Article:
But more than that the Women’s Six Nations games need to stop competing with each other. If the game is developing a whole new sponsor-attracting home audience that audience will inevitably be reduced if a game reaching a thrilling climax at Broadwood is taking place at the same time as a crucial game is starting at Donnybrook.  

With three whole days to play with finding slots should not be impossible. Wales have been innovative and shown what can be done on a Saturday morning, with over 4000 for their game against England (boosted, no doubt, by fans arriving early for the men’s game in the afternoon) and 3000 for Ireland.

The siren song of Sevens. 2017 is a special year where the World Cup means that fifteens has a priority for the Six Nations unions – though even then Ireland gambled on sending some players to Las Vegas instead of Dublin, attracting undreamt of levels of media debate in the process, and winning the gamble as well.

But 2018 is Sevens World Cup year, 2019 Olympic qualification, and 2020 the Olympics themselves. Are all of the big names going to be pulled out again in a desperate bid for Olympic medals? There is every chance that that may happen.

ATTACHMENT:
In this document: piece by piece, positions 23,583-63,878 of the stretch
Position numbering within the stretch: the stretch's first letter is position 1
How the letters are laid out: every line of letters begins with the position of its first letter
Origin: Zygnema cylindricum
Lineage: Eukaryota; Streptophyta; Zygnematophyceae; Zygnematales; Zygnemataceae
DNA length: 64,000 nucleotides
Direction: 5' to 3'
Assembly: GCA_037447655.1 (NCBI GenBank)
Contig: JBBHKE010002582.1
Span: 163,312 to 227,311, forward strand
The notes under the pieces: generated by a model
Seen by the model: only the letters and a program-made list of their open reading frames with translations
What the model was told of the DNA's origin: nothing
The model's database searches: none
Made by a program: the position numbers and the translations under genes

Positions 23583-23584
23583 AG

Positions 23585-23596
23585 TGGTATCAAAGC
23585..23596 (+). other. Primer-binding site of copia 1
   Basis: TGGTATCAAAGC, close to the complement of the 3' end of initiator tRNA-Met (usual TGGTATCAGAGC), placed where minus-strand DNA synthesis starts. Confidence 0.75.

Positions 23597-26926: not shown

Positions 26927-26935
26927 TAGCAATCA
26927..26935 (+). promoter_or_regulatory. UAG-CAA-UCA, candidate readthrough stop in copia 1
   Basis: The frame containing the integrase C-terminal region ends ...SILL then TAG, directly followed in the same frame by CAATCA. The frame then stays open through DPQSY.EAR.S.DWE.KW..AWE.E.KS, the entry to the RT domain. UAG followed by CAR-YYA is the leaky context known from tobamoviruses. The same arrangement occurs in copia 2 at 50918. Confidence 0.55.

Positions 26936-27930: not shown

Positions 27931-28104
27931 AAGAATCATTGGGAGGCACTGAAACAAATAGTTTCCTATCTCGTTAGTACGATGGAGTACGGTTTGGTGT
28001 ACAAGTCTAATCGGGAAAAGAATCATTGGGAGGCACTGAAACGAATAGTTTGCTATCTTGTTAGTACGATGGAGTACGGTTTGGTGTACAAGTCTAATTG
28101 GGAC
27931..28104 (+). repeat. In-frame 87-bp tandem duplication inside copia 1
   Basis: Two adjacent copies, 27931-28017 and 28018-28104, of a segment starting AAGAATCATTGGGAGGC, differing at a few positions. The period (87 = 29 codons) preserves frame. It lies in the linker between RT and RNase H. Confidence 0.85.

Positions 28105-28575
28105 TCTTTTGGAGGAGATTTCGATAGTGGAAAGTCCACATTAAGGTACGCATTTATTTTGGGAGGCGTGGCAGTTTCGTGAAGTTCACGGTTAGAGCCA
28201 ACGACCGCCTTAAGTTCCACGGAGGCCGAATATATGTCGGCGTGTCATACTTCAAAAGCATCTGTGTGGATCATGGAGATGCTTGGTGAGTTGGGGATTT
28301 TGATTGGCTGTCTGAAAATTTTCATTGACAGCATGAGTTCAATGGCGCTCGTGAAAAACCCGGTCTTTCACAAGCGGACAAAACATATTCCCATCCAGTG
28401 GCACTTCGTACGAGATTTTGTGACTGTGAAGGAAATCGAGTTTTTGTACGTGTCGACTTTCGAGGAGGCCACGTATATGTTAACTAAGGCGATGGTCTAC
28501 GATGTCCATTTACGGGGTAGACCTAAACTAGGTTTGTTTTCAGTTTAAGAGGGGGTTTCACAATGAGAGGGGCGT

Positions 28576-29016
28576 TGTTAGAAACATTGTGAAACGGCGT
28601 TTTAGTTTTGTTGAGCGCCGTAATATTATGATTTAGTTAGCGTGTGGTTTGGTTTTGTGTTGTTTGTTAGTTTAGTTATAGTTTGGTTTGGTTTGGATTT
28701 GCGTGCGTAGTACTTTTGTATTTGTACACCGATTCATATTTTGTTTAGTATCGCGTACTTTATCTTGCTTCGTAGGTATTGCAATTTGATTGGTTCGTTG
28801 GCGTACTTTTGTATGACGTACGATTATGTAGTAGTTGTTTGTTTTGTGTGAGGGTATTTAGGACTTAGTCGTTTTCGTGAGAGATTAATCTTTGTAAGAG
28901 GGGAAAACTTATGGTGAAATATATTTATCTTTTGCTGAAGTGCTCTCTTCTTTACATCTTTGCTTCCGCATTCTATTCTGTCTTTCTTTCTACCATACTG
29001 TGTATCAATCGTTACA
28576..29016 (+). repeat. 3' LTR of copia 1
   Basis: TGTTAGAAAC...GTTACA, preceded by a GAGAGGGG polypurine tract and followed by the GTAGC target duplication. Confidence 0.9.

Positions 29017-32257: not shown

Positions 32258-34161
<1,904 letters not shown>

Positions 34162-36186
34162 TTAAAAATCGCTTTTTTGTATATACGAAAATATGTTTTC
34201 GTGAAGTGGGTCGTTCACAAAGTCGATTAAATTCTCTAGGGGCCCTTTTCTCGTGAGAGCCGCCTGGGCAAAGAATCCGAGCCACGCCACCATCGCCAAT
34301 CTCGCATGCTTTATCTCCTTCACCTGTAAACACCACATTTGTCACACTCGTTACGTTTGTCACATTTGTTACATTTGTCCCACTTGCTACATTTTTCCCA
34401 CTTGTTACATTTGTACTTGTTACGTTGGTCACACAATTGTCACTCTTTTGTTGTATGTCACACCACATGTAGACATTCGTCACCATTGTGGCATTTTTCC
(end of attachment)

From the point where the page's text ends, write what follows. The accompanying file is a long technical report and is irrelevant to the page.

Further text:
It’s all about money. Sevens has access to levels of funding not previously available. But the trouble with sevens money is that it’s not generated by the sport or the supporters - only the Canadians have managed to make money from hosting a round of the Women’s Sevens World Series. Most funding is dependent on grants from governments and Olympic Committees, chasing medals. And, as we have seen, that means the money can disappear overnight. Literally. Ask the Dutch women – or any followers of sports that have lost funding after Rio.

And it is glaringly obvious that more rugby fans want to watch the best players playing test rugby, not sevens. While great as a development tool in new markets, most games in this year’s Six Nations attracted bigger crowds for 80 minutes than an entire Women’s Sevens World Series attracts for a weekend. And not just in the Six Nations. Look at the crowds at the last three European Trophy XVs tournaments in Belgium, Switzerland and Spain, and compare with recent European Trophy VIIs tournaments.

Taking experienced players from test rugby is a tempting quick fix for sevens success, but it rarely succeeds and these recognisable faces are essential to selling the sport – not just to spectators and young girls taking up the sport, but to potential sponsors as well. The star players are the fuel that has the potential to launch the Women’s Six Nations – and women’s test rugby – into orbit. But take them away (again) and the game could be stuck on the ‘pad.